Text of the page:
VA Vows Quick Response to DC VAMC Patient Safety Issues

By Sandra Basu

Ground crew at DCVAMC prepare facility for spring. VA photo

WASHINGTON — VA Secretary David Shulkin vowed last month that his agency will “act as rapidly as possible” to hold accountable those responsible for “serious and troubling deficiencies” at the DC VAMC.

“We are focused clearly on accountability. No leader or other employee stands above the paramount concern of ensuring the safety of our veterans,” Shulkin said at a news conference last month about a VA Office of Inspector General (OIG) report.

In an unusual action, the VA OIG released an interim report maintaining that problems it identified at the DC VAMC places patients at “unnecessary risk.”

Some of the problems detailed included:

  • No effective inventory system for managing the availability of medical equipment and supplies used for patient care;
  • No effective system to ensure that supplies and equipment that were subject to patient safety recalls were not used on patients;
  • 18 of the 25 sterile satellite storage areas for supplies were dirty.

“Although our work is continuing, we believed it important to publish this Interim Summary Report given the exigent nature of the issues we have preliminarily identified and the lack of confidence in VHA to adequately and timely fix the root causes of these issues,” the VA OIG explained in a statement.

The report also stated that at least some of the issues “have been known to the Veterans Health Administration senior management for some time without effective remediation.”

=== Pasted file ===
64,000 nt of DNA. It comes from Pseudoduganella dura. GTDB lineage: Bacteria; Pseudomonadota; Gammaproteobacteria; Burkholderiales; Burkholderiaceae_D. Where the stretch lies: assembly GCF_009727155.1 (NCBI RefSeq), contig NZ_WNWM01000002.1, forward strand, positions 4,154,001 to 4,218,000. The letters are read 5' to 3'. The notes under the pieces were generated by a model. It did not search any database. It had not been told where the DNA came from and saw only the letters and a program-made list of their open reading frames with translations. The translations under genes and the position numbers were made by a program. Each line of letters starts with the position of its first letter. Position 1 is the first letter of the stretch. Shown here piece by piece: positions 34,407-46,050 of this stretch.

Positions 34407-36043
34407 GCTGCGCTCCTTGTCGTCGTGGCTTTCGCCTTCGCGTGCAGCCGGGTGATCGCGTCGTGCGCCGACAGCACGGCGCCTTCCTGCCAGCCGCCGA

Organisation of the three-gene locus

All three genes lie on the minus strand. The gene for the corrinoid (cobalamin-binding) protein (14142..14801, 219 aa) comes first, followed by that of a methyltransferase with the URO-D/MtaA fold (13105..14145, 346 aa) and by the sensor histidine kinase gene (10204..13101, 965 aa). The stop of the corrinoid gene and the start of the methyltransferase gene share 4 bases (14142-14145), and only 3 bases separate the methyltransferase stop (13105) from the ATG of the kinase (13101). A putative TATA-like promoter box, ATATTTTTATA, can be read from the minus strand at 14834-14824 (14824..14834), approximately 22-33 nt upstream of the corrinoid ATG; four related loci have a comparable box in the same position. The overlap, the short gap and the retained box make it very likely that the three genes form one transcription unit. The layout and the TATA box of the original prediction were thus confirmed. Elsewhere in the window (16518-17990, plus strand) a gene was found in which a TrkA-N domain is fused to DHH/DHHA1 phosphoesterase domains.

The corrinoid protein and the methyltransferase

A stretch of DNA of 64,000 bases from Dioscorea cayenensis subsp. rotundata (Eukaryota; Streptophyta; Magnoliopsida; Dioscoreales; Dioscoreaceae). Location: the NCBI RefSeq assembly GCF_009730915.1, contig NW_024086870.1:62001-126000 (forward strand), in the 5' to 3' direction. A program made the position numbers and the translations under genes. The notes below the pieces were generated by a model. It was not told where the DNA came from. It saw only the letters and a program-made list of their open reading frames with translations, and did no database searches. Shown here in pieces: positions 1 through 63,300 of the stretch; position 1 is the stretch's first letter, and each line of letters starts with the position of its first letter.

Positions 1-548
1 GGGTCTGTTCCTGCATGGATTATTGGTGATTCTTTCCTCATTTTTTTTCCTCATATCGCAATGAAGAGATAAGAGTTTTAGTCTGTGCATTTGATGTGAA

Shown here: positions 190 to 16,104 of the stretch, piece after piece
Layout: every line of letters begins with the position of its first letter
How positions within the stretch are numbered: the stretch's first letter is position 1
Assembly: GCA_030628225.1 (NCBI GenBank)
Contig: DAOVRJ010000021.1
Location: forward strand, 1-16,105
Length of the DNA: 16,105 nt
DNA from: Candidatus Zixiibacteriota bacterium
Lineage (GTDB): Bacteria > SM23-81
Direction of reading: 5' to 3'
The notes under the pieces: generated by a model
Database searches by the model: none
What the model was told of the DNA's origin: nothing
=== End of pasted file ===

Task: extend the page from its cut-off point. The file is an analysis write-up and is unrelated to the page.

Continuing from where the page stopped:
The VA OIG review was triggered by a complaint that described equipment and supply issues at the VAMC “sufficient to potentially compromise patient safety,” according to the report. Specifically, among the problems that VA IG observed or documented included that the medical center ran out of bloodlines for dialysis patients on the second shift on March 15, 2017.

“They were able to provide dialysis services to those patients only because staff borrowed bloodlines from a private hospital,” the report pointed out.

Another example of a serious problem was that, on March 29, a nurse emailed the patient safety manager, reporting that, during an acute episode, she needed to provide oxygen to a patient.

“The floor was out of oxygen nasal cannulas (tubing that fits into a patient’s nose and provides oxygen). The nurse was able to use one found on the crash cart but reported the shortage as a risk to patient safety,” the report explained.

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  1. Mark McConnell says:

    Healthcare is an area where we see sick and very sick people. In fact, many are gravely infected. If a “violation” consists of taking a perfectly useful oxygen cannula from a “crash cart” (most of which are never used} is that really something that truly impacts patients? Or is it simply a violation of some administrative code? As to “sterile areas being dirty”: most “sterile” products I use in clinic are for patients who have infected wounds: do I need to use a sterile q-tip to debride an infected wound?

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